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Marketing the Manchester myth

  • 12 December 2008
White, Jim: Manchester United: The Biography. Little, Brown, 2008. ISBN: 9781847440884

Football books are funny things — you never know what you are going to get.

At one end of the spectrum you have photo-montage hagiographies such as David Beckham: My World. These are best left to style-conscious, Gucci-tracksuit-wearing chavs with an over-developed interest in hair products and body art.

Sport and clichés seemingly go hand in hand, much to the reader's detriment. But for every half-dozen My Worlds (available in a bargain bin near you), there are football books that stand out for the quality of the book, and the perspicasity of the subject(s). Ajax, Barcelona, Cruyff by Frits Barend and Henk Van Dorp, and Jimmy Burns' Barca: A People's Passion are standouts in the genre.

Jim White's imaginatively titled Manchester United: The Biography is not. This history of 'the most popular club in the world' is workmanlike, rather than inspired.

White ably traces the history of his subject, but at no time does he ascend to the heights achieved by Burns. There is common ground here, too: Manchester, the subject of Engels' famed study of the working class in England; and Barcelona, the home of Spain's Anarchists.

But whereas Burns' book is rich with sociopolitical context — Barcelona the club petitioned the Castillian government for Catalonia's independence in the 1930s — White's book takes a stab at something similar, and falls short.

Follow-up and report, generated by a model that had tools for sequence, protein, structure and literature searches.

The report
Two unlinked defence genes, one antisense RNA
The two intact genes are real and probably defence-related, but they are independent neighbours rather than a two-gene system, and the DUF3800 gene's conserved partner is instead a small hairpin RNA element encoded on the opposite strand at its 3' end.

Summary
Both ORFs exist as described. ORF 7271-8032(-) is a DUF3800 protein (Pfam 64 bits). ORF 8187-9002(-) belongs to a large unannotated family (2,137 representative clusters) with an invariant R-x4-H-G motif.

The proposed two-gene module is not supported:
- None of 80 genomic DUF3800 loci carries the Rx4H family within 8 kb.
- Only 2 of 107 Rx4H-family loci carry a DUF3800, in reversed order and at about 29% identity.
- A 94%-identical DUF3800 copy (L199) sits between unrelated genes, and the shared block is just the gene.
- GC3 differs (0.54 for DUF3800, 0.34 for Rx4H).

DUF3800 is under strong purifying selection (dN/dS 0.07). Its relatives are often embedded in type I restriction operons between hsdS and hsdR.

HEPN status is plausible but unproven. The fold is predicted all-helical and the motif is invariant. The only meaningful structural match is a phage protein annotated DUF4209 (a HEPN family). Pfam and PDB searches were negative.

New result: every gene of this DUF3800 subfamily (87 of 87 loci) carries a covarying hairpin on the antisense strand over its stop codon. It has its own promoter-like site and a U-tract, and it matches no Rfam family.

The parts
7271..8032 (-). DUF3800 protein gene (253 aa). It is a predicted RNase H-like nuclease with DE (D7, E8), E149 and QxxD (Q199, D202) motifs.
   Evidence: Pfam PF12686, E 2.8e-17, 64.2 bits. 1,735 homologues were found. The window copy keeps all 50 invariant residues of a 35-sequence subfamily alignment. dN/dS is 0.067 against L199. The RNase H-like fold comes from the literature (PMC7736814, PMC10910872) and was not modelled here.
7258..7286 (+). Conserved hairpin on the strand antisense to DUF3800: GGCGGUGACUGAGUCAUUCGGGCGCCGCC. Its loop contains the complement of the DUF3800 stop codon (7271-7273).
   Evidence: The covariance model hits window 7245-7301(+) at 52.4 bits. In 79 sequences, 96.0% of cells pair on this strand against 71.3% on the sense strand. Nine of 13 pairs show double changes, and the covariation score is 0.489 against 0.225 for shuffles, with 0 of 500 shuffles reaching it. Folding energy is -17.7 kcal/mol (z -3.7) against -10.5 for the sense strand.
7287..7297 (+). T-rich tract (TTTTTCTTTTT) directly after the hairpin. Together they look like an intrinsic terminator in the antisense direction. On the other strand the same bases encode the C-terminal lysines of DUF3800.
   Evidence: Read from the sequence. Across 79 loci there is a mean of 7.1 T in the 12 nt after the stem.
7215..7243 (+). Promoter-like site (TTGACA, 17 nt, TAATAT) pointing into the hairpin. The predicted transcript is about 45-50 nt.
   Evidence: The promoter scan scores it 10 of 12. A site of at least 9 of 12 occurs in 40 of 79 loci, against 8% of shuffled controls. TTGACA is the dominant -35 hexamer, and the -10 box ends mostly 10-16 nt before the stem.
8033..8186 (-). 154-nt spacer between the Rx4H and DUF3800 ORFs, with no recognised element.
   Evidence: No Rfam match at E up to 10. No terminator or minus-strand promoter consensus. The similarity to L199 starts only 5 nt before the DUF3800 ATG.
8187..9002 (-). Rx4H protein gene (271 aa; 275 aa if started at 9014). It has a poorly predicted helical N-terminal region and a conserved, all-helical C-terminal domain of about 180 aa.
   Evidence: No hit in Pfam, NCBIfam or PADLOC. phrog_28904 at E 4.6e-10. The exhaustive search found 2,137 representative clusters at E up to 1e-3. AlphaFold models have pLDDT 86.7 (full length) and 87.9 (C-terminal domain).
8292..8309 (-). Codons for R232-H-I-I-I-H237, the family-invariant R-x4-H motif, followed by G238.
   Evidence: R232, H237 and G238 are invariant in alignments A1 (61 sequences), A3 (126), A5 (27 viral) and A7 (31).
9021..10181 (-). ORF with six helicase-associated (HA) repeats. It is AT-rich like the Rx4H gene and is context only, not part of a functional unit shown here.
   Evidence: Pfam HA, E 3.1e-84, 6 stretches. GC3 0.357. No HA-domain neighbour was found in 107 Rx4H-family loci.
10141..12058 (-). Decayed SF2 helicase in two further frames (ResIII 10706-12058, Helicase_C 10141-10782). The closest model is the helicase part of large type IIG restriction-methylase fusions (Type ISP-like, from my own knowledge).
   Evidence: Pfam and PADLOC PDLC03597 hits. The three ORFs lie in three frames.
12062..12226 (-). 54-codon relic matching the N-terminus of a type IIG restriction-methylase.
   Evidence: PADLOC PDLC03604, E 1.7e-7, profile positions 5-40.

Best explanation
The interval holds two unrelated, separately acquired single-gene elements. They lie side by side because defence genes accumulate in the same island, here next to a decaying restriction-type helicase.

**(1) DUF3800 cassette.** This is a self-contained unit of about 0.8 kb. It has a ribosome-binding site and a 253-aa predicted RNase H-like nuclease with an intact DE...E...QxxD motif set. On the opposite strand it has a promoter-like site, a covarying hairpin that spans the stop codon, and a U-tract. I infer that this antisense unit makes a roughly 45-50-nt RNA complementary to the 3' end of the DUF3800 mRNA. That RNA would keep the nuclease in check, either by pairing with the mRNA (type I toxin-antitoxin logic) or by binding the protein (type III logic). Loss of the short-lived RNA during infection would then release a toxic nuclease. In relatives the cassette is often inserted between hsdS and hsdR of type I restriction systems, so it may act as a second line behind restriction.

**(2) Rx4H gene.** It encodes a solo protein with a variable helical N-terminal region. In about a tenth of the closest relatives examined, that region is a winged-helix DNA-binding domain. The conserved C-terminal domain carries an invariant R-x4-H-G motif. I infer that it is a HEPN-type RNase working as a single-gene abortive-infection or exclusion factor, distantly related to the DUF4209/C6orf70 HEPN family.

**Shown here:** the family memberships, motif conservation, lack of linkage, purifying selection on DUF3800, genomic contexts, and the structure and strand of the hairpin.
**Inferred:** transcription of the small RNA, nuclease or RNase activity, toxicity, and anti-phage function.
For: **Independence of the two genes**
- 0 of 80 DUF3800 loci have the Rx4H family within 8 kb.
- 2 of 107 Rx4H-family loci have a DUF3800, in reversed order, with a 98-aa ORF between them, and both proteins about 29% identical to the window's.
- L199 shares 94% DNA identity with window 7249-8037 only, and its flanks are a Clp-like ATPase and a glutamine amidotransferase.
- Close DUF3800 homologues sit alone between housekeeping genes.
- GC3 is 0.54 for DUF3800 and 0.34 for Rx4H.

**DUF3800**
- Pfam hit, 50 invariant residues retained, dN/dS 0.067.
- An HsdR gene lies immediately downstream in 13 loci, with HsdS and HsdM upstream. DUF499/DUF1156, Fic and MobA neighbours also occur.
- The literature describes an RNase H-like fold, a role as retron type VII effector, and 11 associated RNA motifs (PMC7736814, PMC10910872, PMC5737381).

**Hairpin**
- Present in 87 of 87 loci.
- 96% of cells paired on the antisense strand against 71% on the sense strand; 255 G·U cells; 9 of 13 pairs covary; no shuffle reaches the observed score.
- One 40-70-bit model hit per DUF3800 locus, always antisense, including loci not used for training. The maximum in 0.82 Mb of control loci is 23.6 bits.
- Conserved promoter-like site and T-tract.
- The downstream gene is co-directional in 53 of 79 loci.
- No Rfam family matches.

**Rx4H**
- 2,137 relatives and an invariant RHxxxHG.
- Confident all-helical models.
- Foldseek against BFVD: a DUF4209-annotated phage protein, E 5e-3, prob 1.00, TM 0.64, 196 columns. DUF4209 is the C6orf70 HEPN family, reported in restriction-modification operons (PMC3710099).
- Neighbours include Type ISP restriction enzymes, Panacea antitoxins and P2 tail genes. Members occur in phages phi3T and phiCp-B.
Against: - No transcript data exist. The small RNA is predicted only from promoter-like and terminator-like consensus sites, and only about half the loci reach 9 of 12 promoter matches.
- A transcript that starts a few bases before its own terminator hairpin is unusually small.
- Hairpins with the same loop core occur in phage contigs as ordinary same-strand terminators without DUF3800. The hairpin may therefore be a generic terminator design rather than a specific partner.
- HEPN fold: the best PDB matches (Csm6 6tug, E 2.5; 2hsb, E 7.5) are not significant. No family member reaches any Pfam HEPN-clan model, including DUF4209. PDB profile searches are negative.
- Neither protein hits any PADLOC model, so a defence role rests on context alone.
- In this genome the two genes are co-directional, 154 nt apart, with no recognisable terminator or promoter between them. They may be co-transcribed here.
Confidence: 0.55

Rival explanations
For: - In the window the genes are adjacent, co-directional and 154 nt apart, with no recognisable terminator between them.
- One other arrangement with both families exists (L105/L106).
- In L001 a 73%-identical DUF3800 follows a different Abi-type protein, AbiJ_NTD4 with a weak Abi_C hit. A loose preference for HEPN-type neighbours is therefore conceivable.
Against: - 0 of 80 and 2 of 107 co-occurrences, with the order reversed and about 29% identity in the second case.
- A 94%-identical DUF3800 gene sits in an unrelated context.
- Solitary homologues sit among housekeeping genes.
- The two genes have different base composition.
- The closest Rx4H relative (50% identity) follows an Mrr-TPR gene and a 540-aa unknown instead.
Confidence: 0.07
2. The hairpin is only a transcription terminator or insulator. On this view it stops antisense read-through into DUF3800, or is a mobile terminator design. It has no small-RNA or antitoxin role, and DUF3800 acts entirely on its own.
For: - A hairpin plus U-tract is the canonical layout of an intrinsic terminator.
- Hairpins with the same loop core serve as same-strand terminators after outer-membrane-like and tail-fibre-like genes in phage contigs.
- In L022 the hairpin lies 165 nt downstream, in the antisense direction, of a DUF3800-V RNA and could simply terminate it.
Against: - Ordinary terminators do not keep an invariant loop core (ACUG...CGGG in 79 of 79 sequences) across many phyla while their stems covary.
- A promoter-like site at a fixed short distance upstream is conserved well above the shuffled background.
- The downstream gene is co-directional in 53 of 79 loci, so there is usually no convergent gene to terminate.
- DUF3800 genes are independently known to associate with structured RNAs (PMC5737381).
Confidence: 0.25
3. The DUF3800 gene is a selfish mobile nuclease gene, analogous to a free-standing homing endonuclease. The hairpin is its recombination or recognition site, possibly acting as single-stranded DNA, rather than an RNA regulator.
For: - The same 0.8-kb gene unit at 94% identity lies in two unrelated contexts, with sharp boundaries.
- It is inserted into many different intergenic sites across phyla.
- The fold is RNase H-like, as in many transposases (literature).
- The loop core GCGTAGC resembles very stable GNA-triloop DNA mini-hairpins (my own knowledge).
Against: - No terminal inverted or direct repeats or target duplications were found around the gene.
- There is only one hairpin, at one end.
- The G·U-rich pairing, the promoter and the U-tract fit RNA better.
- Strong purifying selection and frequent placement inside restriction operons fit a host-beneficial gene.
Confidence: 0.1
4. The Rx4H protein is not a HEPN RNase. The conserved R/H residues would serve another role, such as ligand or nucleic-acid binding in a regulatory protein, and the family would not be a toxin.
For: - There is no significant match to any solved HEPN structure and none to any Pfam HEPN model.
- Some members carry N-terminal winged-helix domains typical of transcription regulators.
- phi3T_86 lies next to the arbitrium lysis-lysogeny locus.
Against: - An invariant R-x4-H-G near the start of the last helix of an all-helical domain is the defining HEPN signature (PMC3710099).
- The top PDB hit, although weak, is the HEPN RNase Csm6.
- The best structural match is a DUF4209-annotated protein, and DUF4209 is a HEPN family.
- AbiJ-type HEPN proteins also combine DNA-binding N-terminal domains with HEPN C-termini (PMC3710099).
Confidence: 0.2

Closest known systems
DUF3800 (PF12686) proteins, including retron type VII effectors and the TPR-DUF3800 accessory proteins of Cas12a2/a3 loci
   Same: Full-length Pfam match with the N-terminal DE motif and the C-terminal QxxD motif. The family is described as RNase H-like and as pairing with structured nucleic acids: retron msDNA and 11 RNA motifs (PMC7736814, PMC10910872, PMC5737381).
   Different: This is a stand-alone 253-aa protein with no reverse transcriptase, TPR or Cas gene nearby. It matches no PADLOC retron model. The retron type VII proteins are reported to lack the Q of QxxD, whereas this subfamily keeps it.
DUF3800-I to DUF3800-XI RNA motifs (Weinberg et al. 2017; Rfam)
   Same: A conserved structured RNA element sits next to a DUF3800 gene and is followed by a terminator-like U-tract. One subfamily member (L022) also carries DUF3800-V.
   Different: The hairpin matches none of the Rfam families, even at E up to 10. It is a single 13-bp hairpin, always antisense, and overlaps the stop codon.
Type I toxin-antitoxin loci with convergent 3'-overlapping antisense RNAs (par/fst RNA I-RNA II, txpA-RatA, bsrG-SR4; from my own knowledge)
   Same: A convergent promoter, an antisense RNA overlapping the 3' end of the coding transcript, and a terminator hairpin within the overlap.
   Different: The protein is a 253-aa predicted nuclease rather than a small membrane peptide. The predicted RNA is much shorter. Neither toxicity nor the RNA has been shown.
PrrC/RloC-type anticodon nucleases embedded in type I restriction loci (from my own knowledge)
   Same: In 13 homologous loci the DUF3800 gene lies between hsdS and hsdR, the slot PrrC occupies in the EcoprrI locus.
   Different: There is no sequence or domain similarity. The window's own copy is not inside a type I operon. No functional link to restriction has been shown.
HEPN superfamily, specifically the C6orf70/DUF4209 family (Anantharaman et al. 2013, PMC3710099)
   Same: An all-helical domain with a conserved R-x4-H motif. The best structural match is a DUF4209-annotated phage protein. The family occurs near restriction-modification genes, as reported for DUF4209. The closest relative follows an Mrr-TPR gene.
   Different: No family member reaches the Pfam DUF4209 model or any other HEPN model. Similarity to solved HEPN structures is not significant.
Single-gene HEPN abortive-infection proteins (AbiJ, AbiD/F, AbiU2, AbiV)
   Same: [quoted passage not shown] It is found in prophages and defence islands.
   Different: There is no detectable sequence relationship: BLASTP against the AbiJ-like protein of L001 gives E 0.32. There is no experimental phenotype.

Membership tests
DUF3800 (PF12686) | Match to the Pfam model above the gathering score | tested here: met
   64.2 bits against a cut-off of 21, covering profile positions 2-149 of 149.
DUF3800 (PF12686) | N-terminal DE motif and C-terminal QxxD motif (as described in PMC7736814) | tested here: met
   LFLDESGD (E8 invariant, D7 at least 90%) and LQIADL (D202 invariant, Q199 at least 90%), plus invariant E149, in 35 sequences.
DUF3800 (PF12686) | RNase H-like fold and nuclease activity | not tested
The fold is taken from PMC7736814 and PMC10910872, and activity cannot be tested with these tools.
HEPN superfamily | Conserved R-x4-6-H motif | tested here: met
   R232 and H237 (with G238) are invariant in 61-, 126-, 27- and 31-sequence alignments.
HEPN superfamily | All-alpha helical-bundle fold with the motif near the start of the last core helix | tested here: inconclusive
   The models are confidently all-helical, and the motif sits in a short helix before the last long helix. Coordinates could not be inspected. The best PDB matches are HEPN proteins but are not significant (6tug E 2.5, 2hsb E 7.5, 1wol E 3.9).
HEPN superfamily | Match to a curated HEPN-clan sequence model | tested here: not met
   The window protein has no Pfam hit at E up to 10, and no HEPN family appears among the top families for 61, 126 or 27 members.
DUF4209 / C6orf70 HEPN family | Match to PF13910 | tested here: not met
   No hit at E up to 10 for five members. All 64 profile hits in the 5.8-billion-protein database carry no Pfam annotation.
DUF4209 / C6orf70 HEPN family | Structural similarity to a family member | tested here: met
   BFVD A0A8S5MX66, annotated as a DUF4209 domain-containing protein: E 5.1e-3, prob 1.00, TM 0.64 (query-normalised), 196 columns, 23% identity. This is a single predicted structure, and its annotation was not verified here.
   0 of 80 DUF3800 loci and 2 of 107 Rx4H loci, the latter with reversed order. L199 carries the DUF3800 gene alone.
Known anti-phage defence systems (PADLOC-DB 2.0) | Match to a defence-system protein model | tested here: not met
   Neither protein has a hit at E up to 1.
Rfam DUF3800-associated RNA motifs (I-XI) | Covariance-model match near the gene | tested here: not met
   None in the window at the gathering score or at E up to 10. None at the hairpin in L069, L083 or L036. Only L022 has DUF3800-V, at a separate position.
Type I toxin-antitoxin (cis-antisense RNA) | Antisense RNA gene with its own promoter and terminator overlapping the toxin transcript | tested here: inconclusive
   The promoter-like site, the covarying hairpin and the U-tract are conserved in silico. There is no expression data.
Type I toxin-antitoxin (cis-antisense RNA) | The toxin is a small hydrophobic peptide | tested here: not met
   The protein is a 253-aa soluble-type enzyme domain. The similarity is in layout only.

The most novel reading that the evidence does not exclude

There is a sense of the club's origins in the proletariat, but this thread drifts away as the book progresses — perhaps as that 'class' supporter has also done, as English football has been corporatised and fans' wallets increasingly cannibalised.

The author seems to have cribbed a list of important events from the plethora of other books about the club, and having done so, assiduously ticks the boxes — and exercises little imagination or flare in the process.

And when White does get creative, it doesn't work. Chapters are topped with over-written vignettes from recent United matches, the relevance of which to the ensuing chapter is often unclear. These would-be Nick Hornby moments, in which White makes clear his personal connection to the club, are awkward rather than endearing. Whereas Hornby's masterful Fever Pitch takes the reader on a journey in which it's impossible not to, at the very least, barrack for Hornby barracking for Arsenal, White's introduction rings hollow.

It's not all bad, though. The chapters on